By Parker Daniell, Special to the Star-Bulletin
Manu Ikaika of Washington's Hula Halau Mahina o Wakinekona blew a conch shell
to mark the start of the Aloha March in Washington.
Friday, August 7, 1998
By Pete Pichaske
WASHINGTON -- One hundred years after Washington came to Hawaii with the federal government's unwanted decision to annex the islands, Hawaii has come to Washington with chants, leis, drumming and an angry, anti-annexation message.
The long-planned Aloha March began here today as 100-150 native Hawaiians and their supporters kicked off a two-day demonstration they hope will focus national attention on what they consider a dark day in U.S. history and also move native Hawaiians a step closer to autonomy.
"This had to be done. We have come and we have delivered our message," said march organizer John "Butch" Kekahu of Kauai during an hourlong ceremony in the Capitol building's Statuary Hall.
"Now, let freedom ring."
"We've been waiting 100 years, and that's a long time," said Kekahu's mother, Mikala Koani Kekahu. "To the people here that work in this big area, we say: 'Please, listen to us.... Give us back what you have for us.'"
The demonstration opened at noon today on the west side of the Capitol with a ritual blowing of a conch shell, hula dancing and prayers in English and Hawaiian.
Chief Billy Red Wing Tayac of the Piscataway Indian tribe, which still claims Washington as its own land, welcomed the Hawaii contingent and displayed the kinship for which organizers were hoping.
"We're the same people. We have the same history," said Tayac. "Our land also was stolen. We support the Hawaiian people 125 percent and we hope their land someday will be returned to them."
Inside, at the Statuary Hall ceremony, march participants heard messages of support from Sen. Daniel Akaka and Rep. Patsy Mink, delivered by their aides, and a rousing speech from Rep. Eni Faleomavaega, American Samoa's nonvoting congressman, who was raised in Hawaii.
The demonstrators included scores of Hawaii residents who traveled 5,000 miles to join the march, as well as sympathizers from across the nation.
"Annexation may have been timely then, but it isn't now," said Louise Franklin Ramirez, 92, who attended the rally with a contingent from the Gray Panthers of Metropolitan Washington.
"I think this is terrific," said Bryan Watson, who was born and raised in Hawaii but now lives in Michigan. "This makes people realize that it's not all fun and games in Hawaii."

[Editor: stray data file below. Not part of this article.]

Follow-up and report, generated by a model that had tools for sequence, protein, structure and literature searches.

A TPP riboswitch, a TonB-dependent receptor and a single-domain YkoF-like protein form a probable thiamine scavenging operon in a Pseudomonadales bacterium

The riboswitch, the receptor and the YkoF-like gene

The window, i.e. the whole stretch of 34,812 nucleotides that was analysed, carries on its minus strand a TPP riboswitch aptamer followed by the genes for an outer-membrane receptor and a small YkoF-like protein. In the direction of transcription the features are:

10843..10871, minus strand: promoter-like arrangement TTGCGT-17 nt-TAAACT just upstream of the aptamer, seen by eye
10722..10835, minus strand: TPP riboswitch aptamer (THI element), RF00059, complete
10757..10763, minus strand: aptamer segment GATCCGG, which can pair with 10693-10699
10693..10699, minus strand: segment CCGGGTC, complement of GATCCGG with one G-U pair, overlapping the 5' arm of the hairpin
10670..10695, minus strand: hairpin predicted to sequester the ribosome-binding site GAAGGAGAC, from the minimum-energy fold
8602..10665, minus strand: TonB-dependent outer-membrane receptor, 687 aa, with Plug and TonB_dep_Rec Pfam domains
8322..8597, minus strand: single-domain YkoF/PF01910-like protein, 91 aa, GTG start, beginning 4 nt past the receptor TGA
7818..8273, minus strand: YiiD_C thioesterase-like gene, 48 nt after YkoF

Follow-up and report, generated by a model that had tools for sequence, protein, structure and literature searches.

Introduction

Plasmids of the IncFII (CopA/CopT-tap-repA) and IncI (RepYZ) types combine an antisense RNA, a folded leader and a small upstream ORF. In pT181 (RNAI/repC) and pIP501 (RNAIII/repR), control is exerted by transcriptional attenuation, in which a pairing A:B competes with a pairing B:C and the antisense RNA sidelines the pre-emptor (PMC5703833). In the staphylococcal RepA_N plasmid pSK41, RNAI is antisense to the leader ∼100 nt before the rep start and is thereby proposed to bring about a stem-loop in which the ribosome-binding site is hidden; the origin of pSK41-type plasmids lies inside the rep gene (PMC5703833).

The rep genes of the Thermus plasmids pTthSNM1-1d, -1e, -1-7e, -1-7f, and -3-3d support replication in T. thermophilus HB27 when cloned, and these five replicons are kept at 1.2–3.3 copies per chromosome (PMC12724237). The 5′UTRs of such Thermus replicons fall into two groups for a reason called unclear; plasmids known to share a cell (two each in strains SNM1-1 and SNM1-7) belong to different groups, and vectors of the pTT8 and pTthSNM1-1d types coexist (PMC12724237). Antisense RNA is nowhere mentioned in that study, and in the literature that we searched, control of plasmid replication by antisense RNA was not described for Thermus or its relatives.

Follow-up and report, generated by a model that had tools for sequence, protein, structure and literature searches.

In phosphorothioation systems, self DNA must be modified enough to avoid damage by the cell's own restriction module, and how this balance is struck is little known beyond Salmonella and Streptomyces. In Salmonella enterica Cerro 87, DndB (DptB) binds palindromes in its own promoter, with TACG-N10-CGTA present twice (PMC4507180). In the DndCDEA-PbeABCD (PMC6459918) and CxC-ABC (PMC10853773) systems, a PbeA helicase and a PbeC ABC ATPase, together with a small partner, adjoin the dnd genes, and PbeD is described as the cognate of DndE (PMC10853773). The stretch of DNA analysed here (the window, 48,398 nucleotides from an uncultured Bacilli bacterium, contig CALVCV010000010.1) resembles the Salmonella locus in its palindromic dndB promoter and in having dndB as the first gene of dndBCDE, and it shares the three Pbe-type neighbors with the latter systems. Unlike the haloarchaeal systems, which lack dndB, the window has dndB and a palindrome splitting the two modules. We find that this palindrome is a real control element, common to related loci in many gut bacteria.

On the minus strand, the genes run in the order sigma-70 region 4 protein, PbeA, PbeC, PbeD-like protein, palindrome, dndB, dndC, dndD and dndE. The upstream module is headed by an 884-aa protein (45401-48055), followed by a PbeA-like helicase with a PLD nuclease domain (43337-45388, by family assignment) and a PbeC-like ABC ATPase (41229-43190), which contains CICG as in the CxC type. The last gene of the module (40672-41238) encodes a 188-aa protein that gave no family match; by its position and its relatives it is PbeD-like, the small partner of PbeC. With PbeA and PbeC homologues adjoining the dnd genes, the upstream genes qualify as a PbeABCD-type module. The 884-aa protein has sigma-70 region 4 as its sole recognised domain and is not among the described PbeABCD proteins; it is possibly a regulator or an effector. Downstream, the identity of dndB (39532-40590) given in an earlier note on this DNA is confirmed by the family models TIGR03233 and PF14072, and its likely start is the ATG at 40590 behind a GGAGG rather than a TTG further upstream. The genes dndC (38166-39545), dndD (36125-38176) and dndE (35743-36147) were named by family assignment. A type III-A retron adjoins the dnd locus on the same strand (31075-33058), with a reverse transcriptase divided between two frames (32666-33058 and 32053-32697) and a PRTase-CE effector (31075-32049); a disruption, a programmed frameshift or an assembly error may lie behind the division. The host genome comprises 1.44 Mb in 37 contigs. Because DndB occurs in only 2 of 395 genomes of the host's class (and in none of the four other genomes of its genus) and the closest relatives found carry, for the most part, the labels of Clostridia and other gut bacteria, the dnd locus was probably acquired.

Watson and his 13-year-old daughter, Jessica, drove 10 hours from his home to attend the rally and will drive home again Sunday. "I was just explaining to some people here who've never heard how Hawaii was annexed," he said. "They were astonished."
"Not too many people here know about annexation and the native Hawaiians, and it's an important part of our history," said Tricia Obester, a grade-school teacher in Fairfax, Va., whose father lives in Hawaii.
Organizers, eager for attention for their event, were pleased with the early news coverage of the demonstration: prominent play on today's National Public Radio morning news program; stories in both daily newspapers, the Washington Post and the Washington Times; and film crews from several local and Hawaii TV stations.
In a related event here today, native Hawaiian David Keanu Sai filed a complaint with the U.S. Supreme Court claiming that the annexation of Hawaii was illegal because previous treaties had not been terminated and the annexation was not approved by the Senate.
After the noon ceremony inside the Capitol, which included placing a lei on the statue of King Kamehameha, demonstrators returned outside for a 24-hour prayer vigil. The actual march will be held tomorrow, when participants will walk from the Capitol to the Ellipse near the White House.
You can follow along with the Aloha March at http://www.hawaiian.net/~cbokauai/butch.html.
© 1998 Honolulu Star-Bulletin
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